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Last Updated: Sunday, 1 August, 2004, 00:56 GMT 01:56 UK
Specialist nurses free up doctors
By Melissa Jackson
BBC News Online health staff

Mel Doyle
Mel is a new breed of nurse
As NHS trusts stand poised to implement a strict regime to limit junior doctors' working hours, one hospital has pioneered a scheme where nurses take the pressure off their senior colleagues.

Nottingham City Hospital is one of 19 establishments to run a pilot scheme to identify ways that trusts can comply with the new rules, which restrict doctors to a 58-hour week.

They have employed three senior nurses in their cardiac intensive care unit (CICU) who are trained and authorised to do some of the work that doctors would normally carry out.

This frees up the doctors to concentrate on more pressing matters, although they are always available should a situation arise where a patient's condition needs treatment outside the nurses' agreed area of responsibility.

It's bridging the gap in the hierarchy and pushing nursing forward to show what we are capable of
Mel Doyle, CICU practitioner

These senior, H-grade nurses are called CICU practitioners and Mel Doyle is one of the three-strong team.

Mel has been in the nursing profession for 11 years and her career aspirations drew her towards staying in clinical practice instead of branching into management.

This job suited her perfectly. It is a senior role and she is still in the front line of patient care.

She said: "Our role is looking after patients after cardiac surgery, including by-pass grafts and valve replacements.

"The nurses look after patients on the unit on a one-to-one basis, but if there is a problem and the nurse in charge of the unit can't deal with it, then they would call us to deal with it.

"If we can't deal with it, then we would call in a registrar or consultant."

Authority and autonomy

The CICU practitioners have gone through specialist training for the job.

They were taught by anaesthetists how to put intravenous lines into arteries and veins of heart patients.

Until they were trained up, only registrars and consultants were qualified to carry out such tasks.

They also went on a course for the care of critically ill surgical patients, which doctors complete as part of their training.

They are also allowed to prescribe drugs for patients from a list approved by consultants.

Mel said: "A nurse may come to us saying a patient needs painkillers and we can put pen to paper, without having to call out a doctor to do it.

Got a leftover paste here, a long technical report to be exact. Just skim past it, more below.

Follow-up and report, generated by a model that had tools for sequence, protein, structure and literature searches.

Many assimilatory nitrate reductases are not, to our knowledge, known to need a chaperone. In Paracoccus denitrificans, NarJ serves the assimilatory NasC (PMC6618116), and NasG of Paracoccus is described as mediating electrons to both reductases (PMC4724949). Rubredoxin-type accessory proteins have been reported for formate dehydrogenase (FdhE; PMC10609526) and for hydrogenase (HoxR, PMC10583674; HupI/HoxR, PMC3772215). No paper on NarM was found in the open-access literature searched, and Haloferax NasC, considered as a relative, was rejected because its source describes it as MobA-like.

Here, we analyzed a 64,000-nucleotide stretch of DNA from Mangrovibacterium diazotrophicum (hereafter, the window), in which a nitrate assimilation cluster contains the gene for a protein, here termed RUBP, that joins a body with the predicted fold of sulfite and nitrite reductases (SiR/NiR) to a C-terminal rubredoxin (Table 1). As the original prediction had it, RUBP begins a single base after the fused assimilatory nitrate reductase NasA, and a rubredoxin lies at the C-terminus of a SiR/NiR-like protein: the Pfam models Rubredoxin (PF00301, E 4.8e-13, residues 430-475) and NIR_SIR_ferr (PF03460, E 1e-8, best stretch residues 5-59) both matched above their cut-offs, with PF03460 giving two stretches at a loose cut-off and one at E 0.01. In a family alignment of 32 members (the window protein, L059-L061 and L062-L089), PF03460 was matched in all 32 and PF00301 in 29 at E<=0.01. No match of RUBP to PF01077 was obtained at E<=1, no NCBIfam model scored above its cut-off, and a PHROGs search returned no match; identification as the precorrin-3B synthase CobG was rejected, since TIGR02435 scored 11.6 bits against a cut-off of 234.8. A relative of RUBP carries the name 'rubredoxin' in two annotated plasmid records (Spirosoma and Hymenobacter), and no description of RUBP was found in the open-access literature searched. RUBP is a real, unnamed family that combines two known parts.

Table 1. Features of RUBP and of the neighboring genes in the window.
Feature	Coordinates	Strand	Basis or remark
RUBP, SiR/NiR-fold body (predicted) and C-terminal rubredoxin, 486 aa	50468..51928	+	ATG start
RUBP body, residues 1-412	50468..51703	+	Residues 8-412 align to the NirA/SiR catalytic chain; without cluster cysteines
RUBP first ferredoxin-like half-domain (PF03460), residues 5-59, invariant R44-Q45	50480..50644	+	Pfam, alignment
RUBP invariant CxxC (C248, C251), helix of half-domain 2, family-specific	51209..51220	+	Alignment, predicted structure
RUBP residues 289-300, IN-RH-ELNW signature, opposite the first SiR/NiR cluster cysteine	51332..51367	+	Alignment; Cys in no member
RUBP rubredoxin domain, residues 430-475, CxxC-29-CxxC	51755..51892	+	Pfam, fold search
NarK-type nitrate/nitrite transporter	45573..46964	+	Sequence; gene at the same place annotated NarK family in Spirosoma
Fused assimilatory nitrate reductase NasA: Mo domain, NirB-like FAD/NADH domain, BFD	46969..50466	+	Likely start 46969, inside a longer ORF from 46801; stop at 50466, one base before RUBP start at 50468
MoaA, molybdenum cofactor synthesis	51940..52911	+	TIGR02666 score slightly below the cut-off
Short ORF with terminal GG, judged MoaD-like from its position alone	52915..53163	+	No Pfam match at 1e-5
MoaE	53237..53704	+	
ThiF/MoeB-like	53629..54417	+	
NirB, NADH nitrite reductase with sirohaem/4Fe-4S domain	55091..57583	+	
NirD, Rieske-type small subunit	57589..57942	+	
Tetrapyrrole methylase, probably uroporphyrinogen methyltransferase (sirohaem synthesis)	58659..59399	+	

"From a doctor's point of view, it gives them the opportunity to spend time off the unit, whether it would be time in theatre or doing work of their own.

"If we are covering the unit, they don't need to be here all the time.

"From the patient's point of view it expedites the process.

"We are here all the time and if they need something they can get it straight away."


She says it also benefits the nurses on the unit because they are a point of call between the doctors and the nurses.

When the scheme was first set up there was some scepticism among senior colleagues.

Mel said: "Some of the doctors said: 'It's not going to work'. Others were very supportive.

"We support them and they support us and if, for whatever reason we are not there, they notice the difference."

The team currently provides cover from 0730 to 2000 Monday to Friday and on Saturday mornings.

Mel Doyle (left) and her colleague
Mel and her colleagues had special training
However, the scheme has been so successful that it is expanding and the hospital is recruiting three more staff to provide 24-hour cover.

A new 20m cardiac unit is opening at the hospital next year to provide more intensive care and high dependency beds.

Mel is convinced other hospitals could follow Nottingham's lead.

She said: "We have proved it can work here.

"It's creating an overlap between nurses and doctors' roles.

"It's bridging the gap in the hierarchy and pushing nursing forward to show what we are capable of."

Nottingham City Hospital's cardio-thoracic clinical director, Ian Mitchell, has praised the scheme.

He said: "This has been a very successful project.

"The working lives of our doctors on the unit have improved because these nurse practitioners have taken on some of their previous roles and lifted the pressure of their responsibilities.

"It has also improved the way we care for our patients because the nurse practitioners are always on the unit and therefore work very efficiently and provide greater continuity of care."


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